Richard Vernon is a freelance writer in Brooklyn, New York.
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Fun, Fantasy, and Other Deep Truths
NICK HARKAWAY’S second novel, Angelmaker, is out now through Knopf. His first, The Gone-Away World, found favor with fans of boisterously literate science fiction. Angelmaker is, in many ways, tipped from the same mold as its predecessor. It is unapologetically fun (with a particularly English sense of humor familiar to fans of Stephen Fry and Douglas Adams), stuffed full of blisteringly creative ideas and digressive subplots, and shot through with darker undernotes. In it Harkaway asks some large questions about (among other things) the nature of identity, who owns the truth, the dark side of the will to power, and the true cost of the preservation of stability. The novel also makes a strong case for the power of compassion, courage, and the glory of imagination used well.
Angelmaker follows two alternating threads. In one an irreverent and intelligent orphaned girl, Edie Banister, is recruited into wartime secret service with the Ruskinites, an order of men and women devoted to beautiful craftsmanship who have been roped into weapons development. She rescues and falls in love with a genius who is using microscopic clockwork to build a supercomputer that will reveal the truth and end war. This “Apprehension Engine” (the titular Angelmaker), is baroque and bizarre; the force field of truth is to be disseminated by mechanical bees swarming from clockwork hives around the world. Naturally, an unreconstructed dictator wants to use it as a weapon of mass destruction.
The second thread is the present-day tale of Joe Spork, as he attempts to lead a humble, honest life until he is manipulated into adventure by the elderly Banister and pursued by the now-corrupt and terrifying Ruskinites.
The Story of Everything
The Tree of Life, directed by Terrence Malick. Fox Searchlight Pictures.
Extended Interview with Eliza Griswold
I met Eliza Griswold in a Starbucks round the corner from her apartment on Manhattan’s Upper West Side.
Along the Fault Line
I met Eliza Griswold in a Starbucks round the corner from her apartment on Manhattan’s Upper West Side. Thrumming with nervy energy, she comes off as smart, ambitious, charismatic, and intensely interested. Griswold has published one book of poetry, Wideawake Field (Farrar, Straus and Giroux). Her poetry and award-winning journalism have been published in The New Yorker, New York Times Magazine, The Atlantic Monthly, The New Republic, and Harper’s. Now in her mid-30s, Griswold grew up in various parts of Pennsylvania and moved to Chicago in 1987, when her father, Frank Griswold, an Episcopal priest, was consecrated as a bishop. (He would later serve as presiding bishop of the Episcopal Church in North America from 1997 to 2006.)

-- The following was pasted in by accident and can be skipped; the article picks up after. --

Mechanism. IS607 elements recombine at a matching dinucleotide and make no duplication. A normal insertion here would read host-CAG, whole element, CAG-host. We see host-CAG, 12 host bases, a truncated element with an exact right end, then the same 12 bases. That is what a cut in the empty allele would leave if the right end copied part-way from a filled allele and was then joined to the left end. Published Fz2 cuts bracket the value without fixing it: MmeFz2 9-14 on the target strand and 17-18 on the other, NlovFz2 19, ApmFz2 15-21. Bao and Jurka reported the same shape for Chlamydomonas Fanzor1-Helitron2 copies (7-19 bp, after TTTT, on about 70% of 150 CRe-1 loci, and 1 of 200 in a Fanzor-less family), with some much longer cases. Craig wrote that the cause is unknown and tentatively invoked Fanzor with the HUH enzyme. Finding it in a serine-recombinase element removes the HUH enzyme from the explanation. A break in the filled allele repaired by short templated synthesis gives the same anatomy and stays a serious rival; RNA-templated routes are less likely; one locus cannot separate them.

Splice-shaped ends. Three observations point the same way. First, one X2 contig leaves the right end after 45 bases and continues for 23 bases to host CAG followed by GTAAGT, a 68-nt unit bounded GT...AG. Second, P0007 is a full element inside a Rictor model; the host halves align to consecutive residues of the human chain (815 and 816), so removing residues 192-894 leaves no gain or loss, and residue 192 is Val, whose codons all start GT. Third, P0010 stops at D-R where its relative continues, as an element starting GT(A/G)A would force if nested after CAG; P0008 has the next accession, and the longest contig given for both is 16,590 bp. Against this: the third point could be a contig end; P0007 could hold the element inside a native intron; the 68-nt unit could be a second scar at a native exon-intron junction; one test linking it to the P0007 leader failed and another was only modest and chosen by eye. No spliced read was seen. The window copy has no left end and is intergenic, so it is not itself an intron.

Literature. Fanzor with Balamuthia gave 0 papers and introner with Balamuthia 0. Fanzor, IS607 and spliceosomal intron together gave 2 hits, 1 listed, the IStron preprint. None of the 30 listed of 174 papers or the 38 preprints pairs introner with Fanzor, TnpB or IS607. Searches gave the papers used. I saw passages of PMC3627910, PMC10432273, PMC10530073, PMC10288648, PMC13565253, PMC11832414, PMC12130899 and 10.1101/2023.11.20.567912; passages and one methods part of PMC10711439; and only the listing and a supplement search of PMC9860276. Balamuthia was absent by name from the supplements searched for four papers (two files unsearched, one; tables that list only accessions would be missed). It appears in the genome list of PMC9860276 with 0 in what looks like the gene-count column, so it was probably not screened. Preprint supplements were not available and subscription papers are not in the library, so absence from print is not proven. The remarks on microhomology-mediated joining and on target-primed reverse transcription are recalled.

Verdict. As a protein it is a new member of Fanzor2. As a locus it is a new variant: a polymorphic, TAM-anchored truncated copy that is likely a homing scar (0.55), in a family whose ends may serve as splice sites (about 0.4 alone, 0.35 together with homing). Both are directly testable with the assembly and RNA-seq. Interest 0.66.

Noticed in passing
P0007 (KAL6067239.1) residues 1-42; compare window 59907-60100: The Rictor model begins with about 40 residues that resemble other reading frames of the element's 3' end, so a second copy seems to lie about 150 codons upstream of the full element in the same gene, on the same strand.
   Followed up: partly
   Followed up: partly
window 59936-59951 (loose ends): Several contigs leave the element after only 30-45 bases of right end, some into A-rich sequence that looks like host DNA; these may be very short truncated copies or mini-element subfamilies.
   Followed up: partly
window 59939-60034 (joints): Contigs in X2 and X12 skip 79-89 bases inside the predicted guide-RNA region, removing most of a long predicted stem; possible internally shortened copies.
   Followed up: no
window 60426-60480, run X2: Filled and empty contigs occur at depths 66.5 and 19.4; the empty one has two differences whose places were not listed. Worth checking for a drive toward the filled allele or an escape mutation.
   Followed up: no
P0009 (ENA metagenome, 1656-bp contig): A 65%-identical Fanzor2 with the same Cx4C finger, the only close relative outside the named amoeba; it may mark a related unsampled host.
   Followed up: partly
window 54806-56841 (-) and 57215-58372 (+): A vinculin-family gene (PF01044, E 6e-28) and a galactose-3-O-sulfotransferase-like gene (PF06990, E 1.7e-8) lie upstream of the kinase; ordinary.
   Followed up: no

Eliza Griswold’s first full-length prose work is The Tenth Parallel: Dispatches from the Fault Line Between Christianity and Islam (Farrar, Straus and Giroux). In it she recounts her journeys within Nigeria, Sudan, Somalia, Indonesia, Malaysia, and the Philippines. The text, although nicely larded with statistics and historical background, focuses particularly on her encounters with the men and women most vigorously engaged, on one side or the other, in the frequently violent clashes between Christians and Muslims in those countries. Where the book shines is in the way it allows you to take tea with a Jihadi leader and notice his odd habitual gestures, or the fact that he laughs less than the first time we met him. The big picture is illuminated through such exquisitely detailed miniatures.
Rough, Mystic Beauty
Say God: Songs and Poems of Daniel Higgs. Thrill Jockey.
A Case Study in the Possible
How Britain's Traidcraft went from church hall to the London Stock Exchange, without losing the faith.
Entering the Fair Trade Zone
The Scottish district of East Renfrewshire has—along with towns, villages, schools, and more than 1,000 churches throughout Britain—recently secured "fair trade status." Ken Macintosh,
Aliens and Angels
Themes of faith, justice, and fantasy mark the world of teen reads.
Not Our Navy!
AIN'T NO SUCH baby as the Scottish Royal Navy ("Great Scot!" Between the Lines, May-June 2001), there's just the Royal Navy.
Celebrating Creator and Creativity
For thousands upon thousands of people, four days at the end of each August are reserved for a musical extravaganza called simply Greenbelt. This festival in rural England has become one of what Malcolm Muggeridge describes as "the thin places." Such places are where the wall between the human and the divine, Heaven and Earth, becomes a translucent veil. The devotion of the attendees makes sense in light of the depth of their experiences of God and creation, especially in this, Greenbelt’s silver jubilee.
Its Christian, artistic, and social justice natures aside, Greenbelt’s cultural locus may require some transatlantic explanation. The two main secular pillars upon which the festival stands are bank holidays and rock festivals. A bank holiday is a Monday where all financial institutions (and by default all businesses) are closed. Of these, the August Bank Holiday weekend is the most firmly established. The nearest North American equivalent would be Labor Day weekend. Also now long established are the rock festivals such as Glastonbury, Reading, the Fleadh, and so forth. Imagine Lollapalooza lasting several days, or Woodstock being an annual event, and you’ll start to get the picture.
Into this cultural context, insert a Christian arts festival, which started as a rock festival and takes place mostly under canvas, and things should be getting even clearer. This is an event unlike any you’ve had contact with before...unless you’ve been to Greenbelt.
Cartographer of the Soul
Finding Sweet Relief
In the Real World of Flawed People
Children's Books Wrapped Up
Peniel (For Seth)
Wrestle with me